Aspen Elementary students take over Ajax |

Aspen Elementary students take over Ajax

Katie Redding
Aspen, CO Colorado
Aspen Times | Julie WilleAspen Elementary School teacher Mimi Hauenstein, left, rides a chairlift up Aspen Mountain on Monday with students Keegan Smiddy, Sassy Giesbert and Julia Haugan. An anonymous donor paid for the elementary school to have the ski area to itself for the day, following Aspen Mountain's closure for the season on Sunday.

ASPEN, Colorado ” Thanks to an anonymous donor, Aspen Elementary School students and staff had Aspen Mountain all to themselves Monday.

Despite Sunday’s official closing, an unusually short clientele packed the Sundeck, enjoyed a free lunch, and skied the powder off the mountain from 8:30 a.m. to 2 p.m. One lucky parent got to accompany each student.

“It’s a winter wonderland with 500 of your best friends,” said third-grade student Spencer Shaw.

And despite the logistics of having 520 students in kindergarten through fourth grade on the ski hill, the day went off “really well,” according to teacher Amy Coyle.

The group needed few special accommodations said Aspen Skiing Co. spokesman Jeff Hanle, though the Skico did bring up what he called a “skitch” ” a snowmobile that could tow those students who had never rode on a lift.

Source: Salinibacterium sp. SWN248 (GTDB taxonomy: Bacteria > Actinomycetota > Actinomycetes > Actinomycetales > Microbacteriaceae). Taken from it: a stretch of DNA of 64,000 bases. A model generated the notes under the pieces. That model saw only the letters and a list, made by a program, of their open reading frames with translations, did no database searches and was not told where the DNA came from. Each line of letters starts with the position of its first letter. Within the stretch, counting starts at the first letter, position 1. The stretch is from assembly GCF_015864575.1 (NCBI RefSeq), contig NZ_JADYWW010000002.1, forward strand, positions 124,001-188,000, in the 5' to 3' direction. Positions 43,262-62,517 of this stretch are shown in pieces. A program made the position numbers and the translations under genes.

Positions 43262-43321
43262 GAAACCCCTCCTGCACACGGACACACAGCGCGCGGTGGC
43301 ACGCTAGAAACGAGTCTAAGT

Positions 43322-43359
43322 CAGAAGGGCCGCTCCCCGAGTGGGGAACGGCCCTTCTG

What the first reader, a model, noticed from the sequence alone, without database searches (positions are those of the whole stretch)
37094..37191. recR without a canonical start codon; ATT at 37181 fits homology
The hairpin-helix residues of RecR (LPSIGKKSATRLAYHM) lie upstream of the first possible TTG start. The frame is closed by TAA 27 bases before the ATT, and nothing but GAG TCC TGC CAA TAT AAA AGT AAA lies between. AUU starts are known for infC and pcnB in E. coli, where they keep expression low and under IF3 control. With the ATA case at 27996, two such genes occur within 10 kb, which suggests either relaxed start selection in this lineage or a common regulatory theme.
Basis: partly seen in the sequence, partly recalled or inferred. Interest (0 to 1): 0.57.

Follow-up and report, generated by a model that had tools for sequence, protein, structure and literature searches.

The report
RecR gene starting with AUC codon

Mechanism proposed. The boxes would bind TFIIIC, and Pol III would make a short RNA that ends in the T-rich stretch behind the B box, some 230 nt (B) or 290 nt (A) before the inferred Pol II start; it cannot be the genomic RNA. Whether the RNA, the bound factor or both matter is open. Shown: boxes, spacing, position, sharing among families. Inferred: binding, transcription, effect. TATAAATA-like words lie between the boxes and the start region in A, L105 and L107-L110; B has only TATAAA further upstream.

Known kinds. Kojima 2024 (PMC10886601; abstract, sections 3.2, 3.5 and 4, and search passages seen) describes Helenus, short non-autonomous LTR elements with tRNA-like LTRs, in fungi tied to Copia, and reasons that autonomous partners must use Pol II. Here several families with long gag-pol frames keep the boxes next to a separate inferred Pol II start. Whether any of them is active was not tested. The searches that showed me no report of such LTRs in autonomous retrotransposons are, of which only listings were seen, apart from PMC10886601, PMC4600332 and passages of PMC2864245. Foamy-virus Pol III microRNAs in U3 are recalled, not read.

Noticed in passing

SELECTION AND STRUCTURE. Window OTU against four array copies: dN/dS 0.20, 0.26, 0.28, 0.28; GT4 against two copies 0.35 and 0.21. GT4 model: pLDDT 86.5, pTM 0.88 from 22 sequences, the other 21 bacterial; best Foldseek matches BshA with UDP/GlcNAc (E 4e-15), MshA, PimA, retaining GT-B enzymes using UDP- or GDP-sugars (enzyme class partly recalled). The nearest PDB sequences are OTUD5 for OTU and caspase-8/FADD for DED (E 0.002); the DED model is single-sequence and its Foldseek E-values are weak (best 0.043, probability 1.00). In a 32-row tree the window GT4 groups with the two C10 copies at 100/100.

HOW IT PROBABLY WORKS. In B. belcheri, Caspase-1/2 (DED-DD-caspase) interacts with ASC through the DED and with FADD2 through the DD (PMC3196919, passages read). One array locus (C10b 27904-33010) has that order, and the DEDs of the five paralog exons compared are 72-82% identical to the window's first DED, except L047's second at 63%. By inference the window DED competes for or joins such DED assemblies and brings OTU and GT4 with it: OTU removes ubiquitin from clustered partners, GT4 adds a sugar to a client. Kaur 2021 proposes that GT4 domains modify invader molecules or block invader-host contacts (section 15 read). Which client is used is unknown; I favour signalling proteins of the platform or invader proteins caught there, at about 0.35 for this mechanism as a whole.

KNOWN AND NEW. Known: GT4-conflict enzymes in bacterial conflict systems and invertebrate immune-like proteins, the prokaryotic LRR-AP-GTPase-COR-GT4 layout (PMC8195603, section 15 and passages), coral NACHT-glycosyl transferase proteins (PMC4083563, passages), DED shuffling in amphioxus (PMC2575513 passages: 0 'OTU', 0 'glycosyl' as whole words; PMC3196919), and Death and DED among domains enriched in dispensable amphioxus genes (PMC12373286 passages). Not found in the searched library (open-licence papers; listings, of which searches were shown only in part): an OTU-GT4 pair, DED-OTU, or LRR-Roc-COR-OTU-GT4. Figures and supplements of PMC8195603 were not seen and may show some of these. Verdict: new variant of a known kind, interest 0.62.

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“I heard from some of the staff that these kids are better at loading the lifts than our regular customers,” said Hanle.

Skico donated the day to the Aspen Valley Ski and Snowboard Club, so the nonprofit could auction it off as a fundraiser, according to Hanle. The skiing club ” which offers local students everything from beginning lessons to competitive teams ” depends on such donations for $1 million of its $3 million budget each year, said Alan Cole, marketing manager.

A donor who gave only the name Steel Partners Foundation purchased the ski day before it even went to auction, according to Cole.

It’s the third time that donor has purchased the benefit ski day, said Cole. The last two years, he donated it to his son’s class, but this year decided to pay an additional sum to open the mountain to the entire elementary school.

“He pretty much had it locked down,” Cole said.

To make sure the day was a true holiday, even parents were told to leave their cell phones off, except in cases of emergency, according to Principal Doreen Goldyn.

“Everyone was so happy. There was not one kid without a smile on his face,” said Lisa Gill, mother to a third-grade student. “I can’t thank [the donor] enough.”

“My favorite part was just the bumps,” said kindergarten student Alexander Quijano. “Because I got past them.”

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